Termites Hide While Eating Homes and Businesses
Now: A Practical Termite Interceptor that makes them Visible
Subterranean termites constantly poke around in the soil for new sources of food. When they find one, they incorporate it into their food channel--that's the active pathway that connects all the food sources that the termite colony is currently exploiting. It is similar to the highway network that connects all our favorite dining spots. Like us, termites keep building new roads to new places of interest. Unlike our highways, their routes consist of tubes that are closed off from the rest of the world. Some researchers refer to the subterranean termite's system of underground tubes as a kind of pseudo-organism, their communal (or social) skin that the termite workers keep extremely clean and well-maintained.
Subterranean termites do not form simple colonies. As Dr. Edward O. Wilson points out, their aggregations are true superorganisms complete with outer coverings that enclose a combination of reproductive, incubation, and brood care facilities, and on to food acquisition and distribution systems, as well as their own defensive forces. Staying inside this "skin" is crucial, because termite workers conserve protein production, favoring soft bodies that don't retain moisture well, to increase the efficiency of food usage by the colony as a whole. A high-humidity environment is necessary to keep them alive. While subterranean termites rarely venture beyond the tubes that protect them, they often extend those tubes out of the soil, over the surfaces of exposed rocks or concrete, to explore for and reach food sources close by.
These "exploratory (search) tubes" or "shelter tubes" are used by termites to get into our wooden structures. Besides helping to maintain humidity levels, the tubes keep the termites that use them hidden from our view. Because they are made of dirt and other, similar stuff (including, in particular, recycled excrement), they are easy to miss. Fresh tubes tend to be dark in color and often contrast sharply with the coloration of cured concrete foundations, but older tubes have a hard, dry, light-colored exterior that blends with that of ordinary concrete. Inside our homes, the termites spend most of their time hidden inside our walls, where they excavate the cellulose from, and coincidentally destroy the wooden studs and other structural timbers that hold our wooden structures together. By managing to hide their activities from us for years, they often succeed in doing enormous damage before a chance occurrence brings their presence to light.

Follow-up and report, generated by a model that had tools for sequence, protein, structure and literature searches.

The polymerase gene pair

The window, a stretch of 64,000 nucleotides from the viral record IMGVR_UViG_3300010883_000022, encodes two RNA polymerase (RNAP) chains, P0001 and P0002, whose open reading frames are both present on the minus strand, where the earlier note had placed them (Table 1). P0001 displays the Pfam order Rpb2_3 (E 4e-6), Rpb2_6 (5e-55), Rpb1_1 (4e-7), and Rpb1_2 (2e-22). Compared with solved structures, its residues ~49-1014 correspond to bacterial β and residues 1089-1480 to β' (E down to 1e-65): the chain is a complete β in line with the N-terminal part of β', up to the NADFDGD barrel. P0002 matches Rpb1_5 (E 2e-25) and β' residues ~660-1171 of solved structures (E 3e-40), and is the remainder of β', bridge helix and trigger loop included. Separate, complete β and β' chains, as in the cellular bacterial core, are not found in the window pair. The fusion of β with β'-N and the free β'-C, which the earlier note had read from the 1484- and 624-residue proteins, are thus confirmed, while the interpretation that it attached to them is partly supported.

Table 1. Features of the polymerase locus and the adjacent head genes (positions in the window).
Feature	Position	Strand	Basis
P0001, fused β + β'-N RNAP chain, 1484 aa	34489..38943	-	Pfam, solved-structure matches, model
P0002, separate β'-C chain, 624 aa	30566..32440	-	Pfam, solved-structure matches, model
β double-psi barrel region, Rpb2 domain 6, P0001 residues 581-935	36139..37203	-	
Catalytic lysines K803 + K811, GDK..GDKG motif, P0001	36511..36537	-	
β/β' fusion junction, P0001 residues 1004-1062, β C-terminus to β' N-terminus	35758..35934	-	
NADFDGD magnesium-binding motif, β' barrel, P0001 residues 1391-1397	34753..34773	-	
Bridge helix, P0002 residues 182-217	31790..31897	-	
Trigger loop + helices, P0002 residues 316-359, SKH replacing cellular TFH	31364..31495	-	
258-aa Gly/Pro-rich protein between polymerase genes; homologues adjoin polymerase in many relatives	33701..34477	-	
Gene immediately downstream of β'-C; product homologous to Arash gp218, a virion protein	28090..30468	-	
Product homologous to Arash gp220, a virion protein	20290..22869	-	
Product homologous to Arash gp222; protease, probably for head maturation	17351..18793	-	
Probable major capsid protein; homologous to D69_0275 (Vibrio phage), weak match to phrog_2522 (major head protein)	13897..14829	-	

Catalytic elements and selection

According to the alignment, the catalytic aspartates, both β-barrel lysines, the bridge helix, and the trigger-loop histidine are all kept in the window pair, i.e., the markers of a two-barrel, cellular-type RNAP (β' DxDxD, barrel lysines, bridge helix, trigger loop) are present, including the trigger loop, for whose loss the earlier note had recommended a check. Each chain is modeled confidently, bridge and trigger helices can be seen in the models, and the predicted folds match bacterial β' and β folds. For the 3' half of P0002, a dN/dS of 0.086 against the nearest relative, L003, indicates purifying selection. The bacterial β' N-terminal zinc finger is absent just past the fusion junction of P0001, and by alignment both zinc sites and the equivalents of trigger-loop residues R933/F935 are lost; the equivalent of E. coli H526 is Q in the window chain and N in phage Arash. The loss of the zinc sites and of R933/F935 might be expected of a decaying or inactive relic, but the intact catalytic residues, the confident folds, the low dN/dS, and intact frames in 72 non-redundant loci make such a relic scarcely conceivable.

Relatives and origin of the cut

Individual termites don't loiter in a single place. They move from one food source to another, in a long, round-robin process that keeps the entire superorganism well-fed. It's an efficient procedure, for the termites, but one that can be highly destructive to our landscaping, our homes, and our businesses.
The EntomoBiotic Termite Interceptor, Annunciator, & Inoculator (TIAI), when placed in the soil around homes and businesses, takes advantage of termite behavior by becoming incorporated into the termite colony's food chain. Soon after termites begin to eat its contents, the termite interceptor signals that they are there, by changing its outward appearance in a special way. When an inspector glances at the interceptor while passing by, that change is obvious. Now the process of inoculating their colony with termite control agents can begin.
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